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United Colors of Yachts…


My pal Jim has been dabbling in the creation of a new production yacht for several years. I considered it a harmless mental exercise until he shared an email that suggested he was crossing the dream-reality horizon. It was a note from his builder suggesting the time had come to choose a color. Jim was seeing red.

“The right color can make the difference between success and failure of a new project,” Jim lectured.

“What about Henry Ford?” I countered. “Any color so long as it is black worked for him.”

“Old school, Coyle,” Jim said. “The waterfront is a battleground of ideas.”

“Hell, it’s a war zone,” I grumbled. “Picture windows, monolithic masts, dreadnought stems. At this point, do you really think color matters?”

Jim insisted that I review the builder’s proposed palette, a rather chalky selection of light spring shades. “Pastels, how interesting,” I said, attempting to offer encouragement. It was expected. In my role as Jim’s consultant, my opinion is less important than my service as his enabler.

Jim pressed on: “Coyle, you’re a designer. I’m thinking of something a bit louder. How about red?”

I recalled a rose-colored 90-footer that I had penned in the 1990s. “Been done,” I told him.

It’s hard to believe there was a time when boats were simply white. I attended my first Fort Lauderdale International Boat Show in 1980 to interview for a design position with Tom Fexas. It was easy to spot him showing off his 44-foot Midnight Lace. The yacht’s black topsides stood out in the sea of white fiberglass. He had not followed Ford; his inspiration had been childhood memories of a commuter-yacht design that had cruised to Wall Street on Long Island Sound.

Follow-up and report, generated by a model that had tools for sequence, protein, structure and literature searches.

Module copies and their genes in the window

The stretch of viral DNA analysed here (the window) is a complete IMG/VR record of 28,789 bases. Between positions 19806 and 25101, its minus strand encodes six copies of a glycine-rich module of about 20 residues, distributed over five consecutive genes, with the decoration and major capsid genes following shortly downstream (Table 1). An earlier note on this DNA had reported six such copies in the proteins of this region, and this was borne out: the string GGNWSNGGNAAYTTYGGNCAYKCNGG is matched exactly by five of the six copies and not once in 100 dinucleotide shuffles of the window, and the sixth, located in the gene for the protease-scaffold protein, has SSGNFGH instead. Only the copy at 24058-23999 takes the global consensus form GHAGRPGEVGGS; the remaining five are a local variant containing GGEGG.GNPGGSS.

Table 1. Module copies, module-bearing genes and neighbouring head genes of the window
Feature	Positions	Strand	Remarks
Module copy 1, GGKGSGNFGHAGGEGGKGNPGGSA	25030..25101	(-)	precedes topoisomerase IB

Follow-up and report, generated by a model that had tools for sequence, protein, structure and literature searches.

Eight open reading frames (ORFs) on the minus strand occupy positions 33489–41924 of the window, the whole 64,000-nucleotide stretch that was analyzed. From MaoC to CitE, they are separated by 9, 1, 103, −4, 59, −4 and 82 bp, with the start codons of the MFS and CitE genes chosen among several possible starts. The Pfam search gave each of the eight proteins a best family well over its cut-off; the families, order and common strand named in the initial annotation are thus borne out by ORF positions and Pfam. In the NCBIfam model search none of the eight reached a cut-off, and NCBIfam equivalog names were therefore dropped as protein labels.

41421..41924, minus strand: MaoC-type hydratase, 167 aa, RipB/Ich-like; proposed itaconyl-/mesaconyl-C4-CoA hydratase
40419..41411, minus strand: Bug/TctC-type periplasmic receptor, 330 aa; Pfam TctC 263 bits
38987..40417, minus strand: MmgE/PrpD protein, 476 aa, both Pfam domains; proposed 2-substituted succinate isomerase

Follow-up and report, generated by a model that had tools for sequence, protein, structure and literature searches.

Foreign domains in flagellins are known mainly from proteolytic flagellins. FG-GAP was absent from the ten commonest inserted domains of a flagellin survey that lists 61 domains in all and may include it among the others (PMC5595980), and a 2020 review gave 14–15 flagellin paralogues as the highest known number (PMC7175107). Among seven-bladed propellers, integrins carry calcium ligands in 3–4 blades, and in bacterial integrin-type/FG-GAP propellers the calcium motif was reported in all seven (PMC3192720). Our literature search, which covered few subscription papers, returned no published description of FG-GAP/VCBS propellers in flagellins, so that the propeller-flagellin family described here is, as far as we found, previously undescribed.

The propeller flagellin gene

The first Midnight Lace was built as a one-off vessel with ­closed-cell foam coring fastened to a disposable wooden jig. In this process, the outer skin was laid up and faired first. The jig was then removed and the inner skin applied. Tom spent weeks pushing and pulling a long board, essentially a 3-foot piece of sandpaper used to fair the outer skin.

I thought of him and Midnight Lace as I considered Jim’s hull-color challenge.

“Any dark color or black will do,” I offered.

“Do you see a trend?” Jim asked.

“No,” I told him. “Metallic brown, silver or gold seem to be the flavors of the month. My suggestion is practical, if you want great tooling.” Like the outer skin of a one-off, the plug for Jim’s hull mold would have to be faired, and dark colors demand extra sandpaper.

Jim was still seeing red.

“Do you have a picture of the motoryacht you mentioned?” he asked.

I didn’t have one handy, so I called her builder in the hopes that he had one buried in the archives. He didn’t bother to look. “Red topsides. Coyle, that boat was white, always has been. Still is,” he told me.

So much for memorable.

I shared my discovery with Jim, pointing out how little a difference in color had meant to me.

“Forget Ford and Fexas,” I suggested. “How about something really different? White!”


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